We have previously published articles on CEWS here and here. To recap, CEWS helps employers continue and maintain their business during the pandemic by subsidizing certain remunerations paid to eligible employees. To-date, eligible employers must have experienced a sufficient decline in revenue (generally 30%) for defined four-week periods (“qualifying periods”) that commenced on March 15, 2020.

Bill C-20 proposes the following key changes to the CEWS program (among others):

  • Eliminate the 30% revenue decline eligibility criteria. CEWS would provide a base subsidy for all eligible employers that experience any decline in revenue, including eligible employers with a revenue decline of less than 30%.
  • Calculate the subsidy in proportion to revenue decline. Under the current CEWS program, subsidies amount to approximately 75% of eligible remunerations paid to eligible employees (subject to certain caps). Under the proposed scheme, the percentage of the subsidy would vary in proportion to the amount of the employer’s revenue decline, and would decrease as the program winds down.
  • Introduce an additional “top-up” subsidy. CEWS would provide an additional top-up subsidy to employers that have been most affected by the pandemic. Eligible employers would generally be those who experienced a three-month average revenue drop of more than 50%.
  • Provide a “safe harbour” for July and August. Employers who have already made business decisions for the qualifying periods in July and August based on the “old rules” (e. the pre-Bill C-20 rules) may be entitled to calculate their subsidy under those rules (i.e. by reference to the higher CEWS rate), if they would be better off.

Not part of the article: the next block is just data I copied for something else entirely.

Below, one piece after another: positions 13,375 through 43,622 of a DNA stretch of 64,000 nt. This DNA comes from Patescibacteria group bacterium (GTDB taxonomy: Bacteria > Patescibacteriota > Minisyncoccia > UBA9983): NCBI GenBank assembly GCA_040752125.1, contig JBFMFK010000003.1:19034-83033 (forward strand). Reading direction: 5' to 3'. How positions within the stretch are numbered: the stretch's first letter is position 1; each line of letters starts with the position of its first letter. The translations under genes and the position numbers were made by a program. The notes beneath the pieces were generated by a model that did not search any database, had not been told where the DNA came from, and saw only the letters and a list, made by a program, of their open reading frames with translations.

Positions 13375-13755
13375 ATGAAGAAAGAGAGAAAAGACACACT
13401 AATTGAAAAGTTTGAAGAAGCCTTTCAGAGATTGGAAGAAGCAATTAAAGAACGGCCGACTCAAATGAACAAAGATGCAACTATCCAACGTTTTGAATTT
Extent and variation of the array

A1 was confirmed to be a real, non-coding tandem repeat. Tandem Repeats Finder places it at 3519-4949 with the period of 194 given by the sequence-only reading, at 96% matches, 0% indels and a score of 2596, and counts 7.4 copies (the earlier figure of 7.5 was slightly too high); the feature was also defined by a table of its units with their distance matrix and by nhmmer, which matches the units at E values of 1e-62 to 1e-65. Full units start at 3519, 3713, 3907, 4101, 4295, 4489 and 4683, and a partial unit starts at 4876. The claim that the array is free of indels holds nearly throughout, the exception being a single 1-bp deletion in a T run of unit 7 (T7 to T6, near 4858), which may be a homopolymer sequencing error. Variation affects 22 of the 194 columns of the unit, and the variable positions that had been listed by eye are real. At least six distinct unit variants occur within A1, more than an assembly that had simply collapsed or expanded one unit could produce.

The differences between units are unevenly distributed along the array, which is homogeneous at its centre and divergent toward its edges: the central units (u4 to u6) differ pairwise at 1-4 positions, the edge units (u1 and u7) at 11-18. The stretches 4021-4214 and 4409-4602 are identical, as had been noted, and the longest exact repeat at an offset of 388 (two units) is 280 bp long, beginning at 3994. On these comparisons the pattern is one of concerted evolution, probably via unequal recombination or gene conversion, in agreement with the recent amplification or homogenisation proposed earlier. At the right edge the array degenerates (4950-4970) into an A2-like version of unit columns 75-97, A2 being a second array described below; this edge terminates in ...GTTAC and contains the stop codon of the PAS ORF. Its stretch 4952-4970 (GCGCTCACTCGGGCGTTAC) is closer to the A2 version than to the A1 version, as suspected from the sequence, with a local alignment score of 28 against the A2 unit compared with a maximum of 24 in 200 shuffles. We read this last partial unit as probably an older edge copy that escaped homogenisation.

• Eliminate the “14 day rule”. The eligibility criteria would no longer exclude subsidies for employees that are without remuneration for 14 or more consecutive days within a qualifying period.
  • Extend the CEWS to further qualifying periods. According to Bill C-20, the CEWS program would be extended at least until November 21, 2020, and a further extension into December 2020 could be implemented by regulation. The federal government has announced its intention to provide support until December 19, 2020.
  • Extend the application deadline. The deadline to apply for a subsidy under the program would be extended from September 30, 2020 to January 31, 2021.

Bill C-20 also includes several other notable changes. Furthermore, the federal government has proposed to make additional changes for the seventh and subsequent qualifying periods to align CEWS with the Canada Emergency Response Benefit and Employment Insurance Benefits with respect to employees who are on a paid leave of absence. However the details and timing of these complimentary changes are currently unknown.

Interested readers can access a more detailed summary of the changes proposed under Bill C-20 in this client alert published by Stephanie Dewey of our Tax Group.

Starting July 7, 2020, the City of Toronto will require businesses to ensure masks or face coverings are worn by the public in their enclosed public spaces.

Key Takeaways
  • The City of Toronto’s bylaw will come into force on July 7, 2020. It is currently set to expire on or about October 1, 2020, but may be extended.